Aqueous-phase reactive species formed by fine particulate matter from remote forests and polluted urban air.

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From: Atmospheric Chemistry and Physics(Vol. 21, Issue 13)
Publisher: Copernicus GmbH
Document Type: Article
Length: 420 words

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Abstract :

In the aqueous phase, fine particulate matter can form reactive species (RS) that influence the aging, properties, and health effects of atmospheric aerosols. In this study, we explore the RS yields of aerosol samples from a remote forest (Hyytiälä, Finland) and polluted urban locations (Mainz, Germany; Beijing, China), and we relate the RS yields to different chemical constituents and reaction mechanisms. Ultra-high-resolution mass spectrometry was used to characterize organic aerosol composition, electron paramagnetic resonance (EPR) spectroscopy with a spin-trapping technique was applied to determine the concentrations of .sup.â« OH, O2â«-, and carbon- or oxygen-centered organic radicals, and a fluorometric assay was used to quantify H.sub.2 O.sub.2 . The aqueous H.sub.2 O.sub.2 -forming potential per mass unit of ambient PM.sub.2.5 (particle diameter 2.5 µm) was roughly the same for all investigated samples, whereas the mass-specific yields of radicals were lower for sampling sites with higher concentrations of PM.sub.2.5 . The abundances of water-soluble transition metals and aromatics in ambient PM.sub.2.5 were positively correlated with the relative fraction of .sup.â« OH and negatively correlated with the relative fraction of carbon-centered radicals. In contrast, highly oxygenated organic molecules (HOM) were positively correlated with the relative fraction of carbon-centered radicals and negatively correlated with the relative fraction of .sup.â« OH. Moreover, we found that the relative fractions of different types of radicals formed by ambient PM.sub.2.5 were comparable to surrogate mixtures comprising transition metal ions, organic hydroperoxide, H.sub.2 O.sub.2, and humic or fulvic acids. The interplay of transition metal ions (e.g., iron and copper ions), highly oxidized organic molecules (e.g., hydroperoxides), and complexing or scavenging agents (e.g., humic or fulvic acids) leads to nonlinear concentration dependencies in aqueous-phase RS production. A strong dependence on chemical composition was also observed for the aqueous-phase radical yields of laboratory-generated secondary organic aerosols (SOA) from precursor mixtures of naphthalene and β-pinene. Our findings show how the composition of PM.sub.2.5 can influence the amount and nature of aqueous-phase RS, which may explain differences in the chemical reactivity and health effects of particulate matter in clean and polluted air.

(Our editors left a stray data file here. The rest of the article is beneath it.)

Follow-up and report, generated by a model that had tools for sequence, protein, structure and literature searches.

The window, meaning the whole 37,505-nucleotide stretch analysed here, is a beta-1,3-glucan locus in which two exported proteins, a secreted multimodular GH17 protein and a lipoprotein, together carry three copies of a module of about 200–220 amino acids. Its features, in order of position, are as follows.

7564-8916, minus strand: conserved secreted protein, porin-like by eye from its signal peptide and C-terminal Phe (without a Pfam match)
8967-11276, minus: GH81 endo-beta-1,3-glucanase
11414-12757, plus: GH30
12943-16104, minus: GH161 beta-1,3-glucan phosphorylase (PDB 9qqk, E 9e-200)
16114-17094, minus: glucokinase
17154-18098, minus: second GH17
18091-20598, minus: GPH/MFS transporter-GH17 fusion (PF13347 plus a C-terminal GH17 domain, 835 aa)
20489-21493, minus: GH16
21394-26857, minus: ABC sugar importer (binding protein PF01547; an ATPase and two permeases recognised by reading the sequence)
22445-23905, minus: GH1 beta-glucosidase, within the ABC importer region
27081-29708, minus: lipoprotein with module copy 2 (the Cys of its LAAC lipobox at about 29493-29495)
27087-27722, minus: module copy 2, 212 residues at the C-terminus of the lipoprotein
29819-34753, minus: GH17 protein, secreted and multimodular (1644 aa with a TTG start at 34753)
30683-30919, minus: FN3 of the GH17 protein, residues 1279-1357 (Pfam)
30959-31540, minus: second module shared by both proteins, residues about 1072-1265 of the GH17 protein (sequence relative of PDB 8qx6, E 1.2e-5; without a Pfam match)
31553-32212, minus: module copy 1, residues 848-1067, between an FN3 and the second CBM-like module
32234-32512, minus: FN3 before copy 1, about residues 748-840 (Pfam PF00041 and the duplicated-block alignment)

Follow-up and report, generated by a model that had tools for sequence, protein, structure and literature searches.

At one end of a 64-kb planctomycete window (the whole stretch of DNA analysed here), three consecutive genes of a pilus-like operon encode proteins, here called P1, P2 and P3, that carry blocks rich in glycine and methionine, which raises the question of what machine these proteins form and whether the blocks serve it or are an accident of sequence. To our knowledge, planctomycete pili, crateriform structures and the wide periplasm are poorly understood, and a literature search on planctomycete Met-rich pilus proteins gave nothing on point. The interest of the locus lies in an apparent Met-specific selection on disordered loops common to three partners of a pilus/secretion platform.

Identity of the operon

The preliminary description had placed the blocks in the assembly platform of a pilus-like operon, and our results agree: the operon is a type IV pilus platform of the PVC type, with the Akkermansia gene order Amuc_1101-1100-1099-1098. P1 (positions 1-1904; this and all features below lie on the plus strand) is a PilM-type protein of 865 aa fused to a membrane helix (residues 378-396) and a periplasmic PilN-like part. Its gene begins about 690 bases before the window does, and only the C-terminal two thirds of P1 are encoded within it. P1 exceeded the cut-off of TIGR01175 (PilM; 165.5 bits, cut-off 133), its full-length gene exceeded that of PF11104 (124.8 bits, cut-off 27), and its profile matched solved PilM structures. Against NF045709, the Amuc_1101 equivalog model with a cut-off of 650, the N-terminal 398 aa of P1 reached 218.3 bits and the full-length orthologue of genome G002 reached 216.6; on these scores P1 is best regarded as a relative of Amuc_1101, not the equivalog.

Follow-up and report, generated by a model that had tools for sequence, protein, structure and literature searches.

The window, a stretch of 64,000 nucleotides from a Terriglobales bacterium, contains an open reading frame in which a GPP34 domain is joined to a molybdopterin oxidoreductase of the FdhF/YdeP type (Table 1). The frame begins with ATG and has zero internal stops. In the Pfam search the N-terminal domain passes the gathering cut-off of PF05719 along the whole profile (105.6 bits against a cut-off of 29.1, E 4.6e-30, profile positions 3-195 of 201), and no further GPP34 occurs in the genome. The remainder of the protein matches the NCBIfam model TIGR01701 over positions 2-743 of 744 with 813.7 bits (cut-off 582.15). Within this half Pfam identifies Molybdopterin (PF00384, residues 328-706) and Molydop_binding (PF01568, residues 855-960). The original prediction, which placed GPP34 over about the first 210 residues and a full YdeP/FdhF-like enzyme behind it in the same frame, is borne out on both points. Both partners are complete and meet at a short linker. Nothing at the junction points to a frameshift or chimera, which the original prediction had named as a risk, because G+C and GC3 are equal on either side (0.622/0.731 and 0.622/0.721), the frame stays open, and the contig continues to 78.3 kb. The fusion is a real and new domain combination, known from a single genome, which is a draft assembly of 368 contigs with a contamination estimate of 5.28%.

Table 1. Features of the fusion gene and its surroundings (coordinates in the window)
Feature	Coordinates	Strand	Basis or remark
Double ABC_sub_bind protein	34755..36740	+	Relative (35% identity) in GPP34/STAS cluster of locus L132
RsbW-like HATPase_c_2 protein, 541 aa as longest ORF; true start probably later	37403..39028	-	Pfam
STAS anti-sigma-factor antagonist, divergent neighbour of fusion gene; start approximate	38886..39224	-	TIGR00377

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Gale Document Number: GALE|A667980884